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What boxing champ Evander Holyfield had to say at Boys and Girls Clubs gala
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Evander Holyfield signs a pair of boxing gloves for Austin Rhoades, right, and Brian Rhoades, during the Boys & Girls Clubs' Futures 4 Kids Gala at the Gainesville Civic Center on Tuesday, Oct. 9, 2018. - photo by Austin Steele

Evander Holyfield’s mom used to tell him she was poor, but he was not, and he could do so much more with his life.

“Momma always told me, ‘Your time is coming,’” he said, speaking Tuesday, Oct. 9, at the Boys & Girls Clubs of Lanier’s 16th Annual Futures for Kids Gala.

“I found that if you don’t quit, you’re never that far away from (success),” Holyfield said. “I didn’t quit, so here I am today to be able to tell you if you listen, follow directions and not quit, you’ll get there.”

Holyfield, a 4-time world heavyweight boxing champion, delivered the message to a crowd of about 500 as part of the fundraiser event at Gainesville Civic Center. He spoke with board member Phil Bonelli in a question-and-answer format dubbed “Conversation with the Champ.”

“My mother sent me to the Boys Club even when I didn’t want to go anymore — at 16 years old,” Holyfield said. “It allowed me to really live this life and tell people that if it wasn’t for other people who had a little bit more and, by their giving, allowed me to become who I am.

“I realized true appreciation is when you go back and give what you got. It’s more than just ‘thank you.’”

The gala serves as the Boys & Girls Clubs of Lanier’s “signature event,” raising money to support programs “to enrich and enhance children’s lives.”

Also, as part of the event, Gene Marlow, who has coached youth baseball, volunteered and served the Boys and Girls Clubs for six decades, was presented the Phillip Sartain Helping Hands Award.

The award is given annually to a person, group or organization that has strived to improve children’s lives at the Boys and Girls Clubs. Sartain, a retired Gainesville lawyer, was the first recipient of the award, which has been renamed in his honor.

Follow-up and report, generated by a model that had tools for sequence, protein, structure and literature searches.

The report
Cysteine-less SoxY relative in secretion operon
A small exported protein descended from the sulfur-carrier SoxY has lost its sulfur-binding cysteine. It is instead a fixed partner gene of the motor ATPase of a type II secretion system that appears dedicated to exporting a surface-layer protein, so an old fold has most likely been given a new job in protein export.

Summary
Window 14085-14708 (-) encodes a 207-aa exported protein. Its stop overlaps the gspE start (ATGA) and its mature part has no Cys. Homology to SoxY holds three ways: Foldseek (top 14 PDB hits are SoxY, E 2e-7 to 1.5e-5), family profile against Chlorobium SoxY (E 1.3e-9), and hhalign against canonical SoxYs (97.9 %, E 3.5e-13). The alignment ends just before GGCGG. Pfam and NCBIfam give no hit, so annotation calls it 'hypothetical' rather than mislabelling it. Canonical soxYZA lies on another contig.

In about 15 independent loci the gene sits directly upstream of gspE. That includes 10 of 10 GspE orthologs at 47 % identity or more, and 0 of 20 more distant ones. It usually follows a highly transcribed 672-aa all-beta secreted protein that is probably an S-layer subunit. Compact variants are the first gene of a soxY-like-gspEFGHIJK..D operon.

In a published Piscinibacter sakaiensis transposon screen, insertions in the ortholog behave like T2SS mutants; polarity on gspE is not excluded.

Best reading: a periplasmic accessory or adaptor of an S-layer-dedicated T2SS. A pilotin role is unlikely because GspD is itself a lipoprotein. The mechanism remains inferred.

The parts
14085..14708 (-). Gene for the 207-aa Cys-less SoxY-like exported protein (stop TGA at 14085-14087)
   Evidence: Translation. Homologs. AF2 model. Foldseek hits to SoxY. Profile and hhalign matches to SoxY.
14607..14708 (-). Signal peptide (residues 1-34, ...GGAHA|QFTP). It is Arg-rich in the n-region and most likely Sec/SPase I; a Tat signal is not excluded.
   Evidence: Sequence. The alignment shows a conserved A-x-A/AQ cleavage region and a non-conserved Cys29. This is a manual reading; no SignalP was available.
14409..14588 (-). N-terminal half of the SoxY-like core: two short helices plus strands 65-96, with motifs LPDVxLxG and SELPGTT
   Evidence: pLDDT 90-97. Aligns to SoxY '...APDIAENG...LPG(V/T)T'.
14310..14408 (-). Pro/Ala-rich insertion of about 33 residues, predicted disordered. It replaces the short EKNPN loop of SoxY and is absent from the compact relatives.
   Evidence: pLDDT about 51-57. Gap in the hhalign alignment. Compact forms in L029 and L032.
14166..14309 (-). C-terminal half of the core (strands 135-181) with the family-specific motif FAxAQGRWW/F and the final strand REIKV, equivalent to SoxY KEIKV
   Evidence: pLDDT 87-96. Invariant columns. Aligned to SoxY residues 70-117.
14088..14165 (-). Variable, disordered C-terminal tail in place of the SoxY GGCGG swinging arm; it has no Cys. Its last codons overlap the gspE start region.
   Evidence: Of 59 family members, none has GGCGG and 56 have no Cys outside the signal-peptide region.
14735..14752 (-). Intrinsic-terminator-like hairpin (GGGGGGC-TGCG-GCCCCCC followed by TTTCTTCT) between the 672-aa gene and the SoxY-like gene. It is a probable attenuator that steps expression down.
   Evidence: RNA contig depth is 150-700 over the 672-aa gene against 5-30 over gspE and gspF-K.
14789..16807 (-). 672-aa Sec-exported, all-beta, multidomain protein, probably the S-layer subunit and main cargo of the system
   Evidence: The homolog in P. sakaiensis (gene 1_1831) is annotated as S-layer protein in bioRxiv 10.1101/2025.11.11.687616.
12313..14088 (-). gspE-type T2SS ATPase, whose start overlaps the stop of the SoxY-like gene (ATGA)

“Everybody in life has something they are good at, if they would just pursue their dreams,” Marlow told the crowd. “I think I found mine working with the kids, cause Lord knows I love it, and I’ll continue to do it. 

“I’ll know the day when it’s time to quit. I don’t feel like it’s there yet.”

At one point, he asked former players to stand up.

“This award is not mine,” Marlow said, looking at the group. “Every little piece of this is yours. If not for you, I would not be standing on this podium tonight. God bless you, I’ve always loved you and I’ll never forget you.”

“Love you, coach,” a couple of the players shouted back.

Current and former club members also spoke at the gala, including Jasmin Gaudlock, who talked about leaning on the Boys and Girls Clubs during difficult times, including when her family was homeless and she worked four jobs.

The club “taught me important life values and characteristics, such as determination, hope and optimism,” said Gaudlock, who plans to pursue a bachelor’s degree in elementary and special education.

Speaking before the gala, Shayna Robinson of Gainesville said two of her four children go to the Boys and Girls Clubs because it’s “a positive, safe place to go after school.

“They offer a lot of activities, extracurricular sports, tutoring and different events,” she said.

It was her experiences as a youth in the organization that inspired her to guide her own children down the same path.

“It was a no-brainer,” Robinson said.

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